By Tony Carnie, Daily Maverick | April 5, 2022
Just as the barbarity of war in Ukraine or the global climate crisis gradually lose their shock value, the unrelenting massacre of South Africa’s rhino has all but drifted from public view. Behind the scenes, however, at least 75 rhinos have been butchered for their horns in KwaZulu-Natal in the opening months of 2022.
With the regularity of clock hands traversing a 24-hour cycle, yet another rhino is felled by a strategically placed bullet every day somewhere in South Africa.
Once down, poachers go to work with pangas or axes to hack the horns from the rhino’s head — often while the animal is still conscious.
So far, most killings have happened in the vast two million hectares of the Kruger National Park, home to the world’s largest remaining concentration of wild rhino.
But as the pantry of free horns in Kruger has been steadily looted (from roughly 11,000 animals to fewer than 3,000 over the past decade), poaching syndicates have switched their attention once more to the comparatively easier pickings to be found in the Hluhluwe-iMfolozi Park in KwaZulu-Natal.
The first sections of this 90,000ha wildlife reserve were proclaimed in 1875 — just three years after the Yellowstone National Park in the US — to protect the world’s last remnant population of the southern white rhino.
It is from this surviving population of about 100 rhinos in KwaZulu-Natal that the entire population of white rhinos in Kruger, South Africa and other parts of the continent was gradually rebuilt over the past 147 years.
Now this “cradle of rhino conservation” is once more under threat.
In response to queries from Our Burning Planet, Ezemvelo KZN Wildlife spokesperson Musa Mntambo confirmed that 75 rhinos were poached in the province between 1 January and 4 April — almost exclusively in Hluhluwe-iMfolozi Park.
If this killing rate of 75 animals in 93 days continues unabated, 2022 is likely to become the worst year on record for KZN’s rhinos — with a potential year-end tally of more than 270 deaths that could also surpass the recent Kruger tolls.
Since 2017, when a record 222 rhinos were poached in KZN, the killing rate dropped to 93 animals in 2020 and then 102 last year.
“It’s a bloodbath, but nothing gets said and nothing gets done. We are going to lose hundreds and hundreds if this doesn’t stop soon,” said a conservation official who asked not to be named because of his close working relationship with the Ezemvelo provincial conservation agency.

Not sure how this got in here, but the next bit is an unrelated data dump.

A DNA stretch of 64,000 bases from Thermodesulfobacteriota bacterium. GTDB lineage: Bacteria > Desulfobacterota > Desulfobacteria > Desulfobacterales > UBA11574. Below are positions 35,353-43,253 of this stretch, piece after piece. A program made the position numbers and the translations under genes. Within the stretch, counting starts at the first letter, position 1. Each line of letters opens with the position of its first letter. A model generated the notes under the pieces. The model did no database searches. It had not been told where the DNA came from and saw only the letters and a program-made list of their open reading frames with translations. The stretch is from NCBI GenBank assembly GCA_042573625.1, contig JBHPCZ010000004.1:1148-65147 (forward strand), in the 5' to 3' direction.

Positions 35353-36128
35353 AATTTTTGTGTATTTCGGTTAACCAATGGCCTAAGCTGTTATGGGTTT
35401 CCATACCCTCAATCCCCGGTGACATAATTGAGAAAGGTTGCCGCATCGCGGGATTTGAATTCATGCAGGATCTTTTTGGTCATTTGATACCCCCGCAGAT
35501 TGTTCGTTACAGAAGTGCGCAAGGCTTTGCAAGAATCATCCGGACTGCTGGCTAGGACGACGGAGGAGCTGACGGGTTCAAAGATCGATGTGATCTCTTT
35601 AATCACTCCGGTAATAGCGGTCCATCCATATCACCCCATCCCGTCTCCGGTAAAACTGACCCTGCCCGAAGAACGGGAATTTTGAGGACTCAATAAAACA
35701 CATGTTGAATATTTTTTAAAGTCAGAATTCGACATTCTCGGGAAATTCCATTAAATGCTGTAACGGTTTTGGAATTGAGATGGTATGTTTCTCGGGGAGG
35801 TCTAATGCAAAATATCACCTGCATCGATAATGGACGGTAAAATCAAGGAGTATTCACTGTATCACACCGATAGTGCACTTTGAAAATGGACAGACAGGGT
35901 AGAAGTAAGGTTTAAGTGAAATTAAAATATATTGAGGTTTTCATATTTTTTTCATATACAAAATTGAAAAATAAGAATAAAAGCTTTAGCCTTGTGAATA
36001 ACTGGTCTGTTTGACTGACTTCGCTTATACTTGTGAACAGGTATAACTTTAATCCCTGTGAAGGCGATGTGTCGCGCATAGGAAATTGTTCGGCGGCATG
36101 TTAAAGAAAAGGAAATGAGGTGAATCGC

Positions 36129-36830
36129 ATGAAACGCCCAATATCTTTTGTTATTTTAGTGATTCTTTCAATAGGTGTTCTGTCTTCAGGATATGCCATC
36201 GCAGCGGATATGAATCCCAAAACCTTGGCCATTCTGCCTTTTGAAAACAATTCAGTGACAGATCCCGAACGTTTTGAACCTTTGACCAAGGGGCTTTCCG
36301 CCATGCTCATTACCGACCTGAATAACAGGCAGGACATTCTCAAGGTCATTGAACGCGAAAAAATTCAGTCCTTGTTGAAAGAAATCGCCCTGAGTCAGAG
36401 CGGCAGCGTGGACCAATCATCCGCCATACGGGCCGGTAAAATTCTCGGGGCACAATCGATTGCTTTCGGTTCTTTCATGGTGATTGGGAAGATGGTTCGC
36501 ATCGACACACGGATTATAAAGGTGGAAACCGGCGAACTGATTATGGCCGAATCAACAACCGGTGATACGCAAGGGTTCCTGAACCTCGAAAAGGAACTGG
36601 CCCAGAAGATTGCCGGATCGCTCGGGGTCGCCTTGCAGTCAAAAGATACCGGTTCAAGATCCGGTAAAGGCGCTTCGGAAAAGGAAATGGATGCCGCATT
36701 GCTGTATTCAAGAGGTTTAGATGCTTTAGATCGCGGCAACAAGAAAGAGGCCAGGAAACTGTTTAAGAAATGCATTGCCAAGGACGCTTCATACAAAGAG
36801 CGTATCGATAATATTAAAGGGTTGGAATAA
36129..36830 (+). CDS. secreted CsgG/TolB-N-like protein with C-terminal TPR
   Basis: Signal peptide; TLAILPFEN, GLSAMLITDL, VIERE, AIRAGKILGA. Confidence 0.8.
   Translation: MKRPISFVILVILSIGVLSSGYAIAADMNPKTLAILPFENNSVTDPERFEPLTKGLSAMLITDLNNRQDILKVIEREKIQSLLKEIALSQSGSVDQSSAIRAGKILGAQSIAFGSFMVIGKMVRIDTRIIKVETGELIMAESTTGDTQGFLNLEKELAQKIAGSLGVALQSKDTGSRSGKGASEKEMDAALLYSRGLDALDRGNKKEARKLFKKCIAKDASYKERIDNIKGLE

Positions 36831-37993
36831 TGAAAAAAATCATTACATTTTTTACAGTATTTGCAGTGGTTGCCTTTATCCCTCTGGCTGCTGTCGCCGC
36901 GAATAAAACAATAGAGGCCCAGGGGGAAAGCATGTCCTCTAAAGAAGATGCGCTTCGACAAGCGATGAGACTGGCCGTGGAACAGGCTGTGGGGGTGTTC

“Hluhluwe-iMfolozi has gone through spates of poaching before, but these latest attacks are unbelievable. There is a major problem, but it is as if the authorities just don’t care… are unwilling to act or just lack political will.
“Basically, there are too few field rangers to cope, and poachers must be getting inside information from corrupt staff. I would not be surprised if some of the poachers are coming straight through the gates using the ‘drop and shoot’ method seen in Kruger — where a shooter is dropped off in the park by car and collected later and driven out via an entrance gate.”
A second official, who also did not wish to be named, said: “We are in the same boat as Kruger. There are not enough boots on the ground.” He noted that most private reserves had deliberately dehorned their rhinos and also established very efficient intelligence networks.
Ezemvelo’s Mntambo said rhinos had been dehorned in most of the agency’s smaller reserves, but he was not aware of any plans to dehorn animals in the flagship Hluhluwe-iMfolozi Park.
Asked what action Ezemvelo was taking to curb the latest poaching onslaught, Mntambo said: “This can never be stopped by Ezemvelo alone. We are doing our best to stop this, but we also need support from the police, the local community and the courts.”
Nevertheless, Ezemvelo has been unstable for several years and embroiled in a series of scandals involving political appointments, repeated forensic audits, funding cutbacks and leadership vacuums.
Once regarded as one of the world’s leading wildlife conservation agencies, the organisation has been largely rudderless for five years following the resignation of its last permanent CEO in 2017.
In August 2020, the entire board was suspended due to “prima facie allegations against the board as a collective”, while Ezemvelo’s operations budgets have declined further due to state funding cutbacks and poor tourism revenues during the Covid crisis.
Ravi Pillay, the provincial MEC for environmental affairs, indicated last week that a new board would be appointed by the end of this month, but there has been no word about appointing a new full-time chief executive to replace acting CEO Ntsikelelo Dlulane.
Meanwhile, Game Rangers Association of Africa chief executive Andrew Campbell has called for further support for the wildlife rangers defending besieged rhino populations across the continent.
“Rangers work at the source of wildlife crime, but can’t do this job alone. They need to be supported by a well-functioning police force, a proactive crime intelligence unit, tight border controls and, of course, a judiciary that ensures transgressors of our laws are suitably punished.
“Unfortunately, in South Africa, these systems often let down the rangers in the field… they are the ones putting their lives on the line, day and night, rain or shine. They need better support.”
Campbell said integrity and excellent leadership were the foundations for all successful ranger teams.
“Much well-intended donor money is wasted if these foundations are not built first,” he said.